Imagine the 80s: those were the days of high theory and cold hearts, graduate students drunk on fantasies of intellectual stardom, ardent talk of master narratives and intertextuality. I returned to Toronto after a hard year in North Africa and was lost in high theory, trying to understand the difference between consent and coercion and make sense of colonial histories. The city seemed metallic, filled with certainties, both theoretical and cultural.
During this time, a friend drove me to London, Ontario, to see Jamelie Hassan’s show, which is where I first encountered Slave Letter (1984). In this installation, Hassan reproduced in watercolour an image from a perfume called Bint el Sudan (“Daughter of Sudan”), which pictured a young African woman surrounded by flowers. Below it was a slave letter: a small cloth containing objects, such as charcoal, stones and spices, that enslaved women sent home to their families. Each object had a meaning for the people left behind, and seen together told the story of the women’s fate to their families and communities. How many hands did the little bags pass through before they reached their destination; did they reach their destination ? There are many intricate and sinuous layers to this piece: the violence of the slave trade, the lushness of the flowers and the image of the captured girl that ultimately became an advertisement for perfume. We are left with the possibility for communication even in the direst of circumstances.
For me, something cracked open. Contemplating Hassan’s work, I saw that, in a world where writing has often been a tool of the powerful, there are many other ways of communicating: a bag of small objects can become a letter home, just like a song, a photograph, or a memory of another time can become a message to someone far away. I realized that many stories lay beneath the official histories I was studying at university, pointing to deeper truths about how people have found ways to connect with each other despite the formidable structures of domination that seek to control them. But these alternative histories must often be accessed intuitively, revealed and mediated by the artist rather than by the academic.
Looking at the body of work in Hassan’s current survey, At the Far Edge of Words, I was again struck by her ability to delineate the multiple realities that lie underneath the official story–and by the way her work unravels and challenges the certainties claimed by authoritarian systems of representation. Colonial conventions, religious and state power, univocal definitions of reality: all of these themes are reflected upon and transformed in Hassan’s work.
In The Oblivion Seekers (1985), we see a film loop of 1955 news footage and home movies of dancers and singers interspersed with alarmist headlines from a London, Ontario newspaper warning of “Moslems” descending on the city. In the background, we hear the voice of the beloved Egyptian singer Umm Kulthum. The original piece also included several drawings of shoppers in an Arab souk, an image by Orientalist painter Jean-Leon Gerome, a dervish, and 19th-century explorer Isabelle Eberhardt.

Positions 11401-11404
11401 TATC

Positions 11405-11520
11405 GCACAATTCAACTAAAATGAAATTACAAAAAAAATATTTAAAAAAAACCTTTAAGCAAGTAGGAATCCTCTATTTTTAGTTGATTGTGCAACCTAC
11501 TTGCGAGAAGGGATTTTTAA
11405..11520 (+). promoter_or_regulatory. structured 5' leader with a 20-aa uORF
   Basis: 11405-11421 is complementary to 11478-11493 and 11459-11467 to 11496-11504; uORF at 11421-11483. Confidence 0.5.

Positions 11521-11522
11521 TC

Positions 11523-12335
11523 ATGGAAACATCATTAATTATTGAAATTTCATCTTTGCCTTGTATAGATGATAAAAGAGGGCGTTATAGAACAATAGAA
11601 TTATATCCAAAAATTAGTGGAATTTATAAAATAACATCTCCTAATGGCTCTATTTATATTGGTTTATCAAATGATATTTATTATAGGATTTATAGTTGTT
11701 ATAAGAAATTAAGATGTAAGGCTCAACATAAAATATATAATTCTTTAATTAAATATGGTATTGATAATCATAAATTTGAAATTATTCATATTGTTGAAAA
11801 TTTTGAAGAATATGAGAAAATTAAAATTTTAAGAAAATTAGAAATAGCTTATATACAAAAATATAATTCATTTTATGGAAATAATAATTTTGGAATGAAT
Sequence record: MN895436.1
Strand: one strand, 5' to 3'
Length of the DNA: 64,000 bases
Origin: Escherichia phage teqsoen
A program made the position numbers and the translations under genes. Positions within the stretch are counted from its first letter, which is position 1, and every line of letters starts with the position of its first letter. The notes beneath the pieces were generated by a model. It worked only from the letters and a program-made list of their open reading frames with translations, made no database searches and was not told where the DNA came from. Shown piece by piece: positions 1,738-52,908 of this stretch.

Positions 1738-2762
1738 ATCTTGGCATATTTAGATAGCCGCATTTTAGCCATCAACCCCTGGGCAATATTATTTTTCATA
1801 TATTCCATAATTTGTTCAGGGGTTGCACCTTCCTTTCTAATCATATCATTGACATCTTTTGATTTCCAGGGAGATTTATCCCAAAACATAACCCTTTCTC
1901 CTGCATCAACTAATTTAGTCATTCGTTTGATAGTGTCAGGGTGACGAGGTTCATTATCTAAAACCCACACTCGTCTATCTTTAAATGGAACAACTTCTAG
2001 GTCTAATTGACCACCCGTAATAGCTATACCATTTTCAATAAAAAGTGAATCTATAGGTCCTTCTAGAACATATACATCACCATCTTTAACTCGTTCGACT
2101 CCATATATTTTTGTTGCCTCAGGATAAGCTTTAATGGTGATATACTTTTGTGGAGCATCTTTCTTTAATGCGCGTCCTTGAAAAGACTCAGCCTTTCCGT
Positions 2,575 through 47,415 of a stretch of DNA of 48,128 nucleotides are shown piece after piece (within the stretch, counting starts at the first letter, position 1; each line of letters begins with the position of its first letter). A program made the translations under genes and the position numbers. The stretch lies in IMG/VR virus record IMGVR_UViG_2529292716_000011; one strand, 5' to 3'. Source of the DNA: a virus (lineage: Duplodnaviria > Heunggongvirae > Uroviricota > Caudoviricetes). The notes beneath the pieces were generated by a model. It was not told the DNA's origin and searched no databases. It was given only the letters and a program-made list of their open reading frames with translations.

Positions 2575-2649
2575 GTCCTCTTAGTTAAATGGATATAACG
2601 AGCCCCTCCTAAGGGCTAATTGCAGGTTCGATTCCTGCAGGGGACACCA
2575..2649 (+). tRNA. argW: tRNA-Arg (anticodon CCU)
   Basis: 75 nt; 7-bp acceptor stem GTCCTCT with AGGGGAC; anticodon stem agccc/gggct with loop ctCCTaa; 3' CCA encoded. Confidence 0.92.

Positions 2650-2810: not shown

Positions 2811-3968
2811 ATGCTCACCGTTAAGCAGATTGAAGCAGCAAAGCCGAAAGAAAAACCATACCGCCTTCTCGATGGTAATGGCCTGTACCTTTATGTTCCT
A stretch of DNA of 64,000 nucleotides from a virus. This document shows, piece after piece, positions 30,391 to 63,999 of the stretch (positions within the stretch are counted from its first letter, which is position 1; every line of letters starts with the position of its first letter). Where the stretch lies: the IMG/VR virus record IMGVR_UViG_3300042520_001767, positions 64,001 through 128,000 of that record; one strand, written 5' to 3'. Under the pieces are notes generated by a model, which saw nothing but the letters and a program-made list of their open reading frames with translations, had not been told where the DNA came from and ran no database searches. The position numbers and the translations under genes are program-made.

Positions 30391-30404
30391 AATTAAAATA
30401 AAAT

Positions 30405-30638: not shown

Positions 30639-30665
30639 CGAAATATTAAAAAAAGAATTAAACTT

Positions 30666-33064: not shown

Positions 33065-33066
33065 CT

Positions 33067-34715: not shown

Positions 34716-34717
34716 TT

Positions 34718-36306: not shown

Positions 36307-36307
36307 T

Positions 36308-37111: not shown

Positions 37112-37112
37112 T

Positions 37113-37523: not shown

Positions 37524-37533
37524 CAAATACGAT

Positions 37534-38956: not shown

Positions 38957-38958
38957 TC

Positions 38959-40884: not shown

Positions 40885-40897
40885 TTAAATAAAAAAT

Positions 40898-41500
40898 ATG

What is immediately apparent is the contrast between the headlines and the images of ordinary people enjoying themselves. The Oblivion Seekers both evokes and counters Orientalist stereotypes, and in so doing offers an alternative to the disturbing headlines.
The London headlines play on fears of Islamic influence–a fear that has migrated across time and space and continues to be reproduced and amplified in today’s news headlines. It is an old story. In one sense, the Islamic world can be thought of as a shadow tradition to the West, one that has historically had a profound yet often unacknowledged influence on Western knowledge and cultural practices. At the same time, the “Middle East” remains a long-standing adversary of the West, a site of presumed danger whose formulaic image has transformed somewhat over the centuries but in essence always remains the same. The London headlines carry the traces of a colonial past and connect them to new fears about the effects of immigration.
But Hassan strips bare that fear, and simultaneously undoes it by tying the story of “Moslems” in Ontario to her own experience, and to the experience of her family and friends. Stereotypes evoked by the headline take on a fictitious quality in the face of everyday life, where family and community exist independent of the larger national and historical labels of Orient and Occident, immigrant and Canadian-born. Hassan reminds us that, in real life, people meet, laugh, dance and exchange ideas, living lives that are necessarily complex and contradictory. A language that in one place can manifest an imperial function can be suppressed in another. And often it is women who construct everyday life in the home, and who are the ones to carry language from one generation to the next.
Hassan’s interest in lived experience is also apparent in Common Knowledge (1980-81), in which everyday objects have been reproduced in ceramic and are juxtaposed with water-colours depicting the same objects. Arranged on the gallery floor lies a postcard of Gibraltar, books, a newspaper, corncobs, fruit and photographs, all rendered in ceramic, and all constituting the ground of Hassan’s experience at the moment the piece was conceived and executed. As in Slave Letter, these objects tell a story, linking the viewer to Hassan’s everyday home and family life–in which objects are imbued with intensely personal meanings and histories–and to the aftereffects of the outside world on that life. We are invited to make up our own meanings and associations as we engage with these objects and images.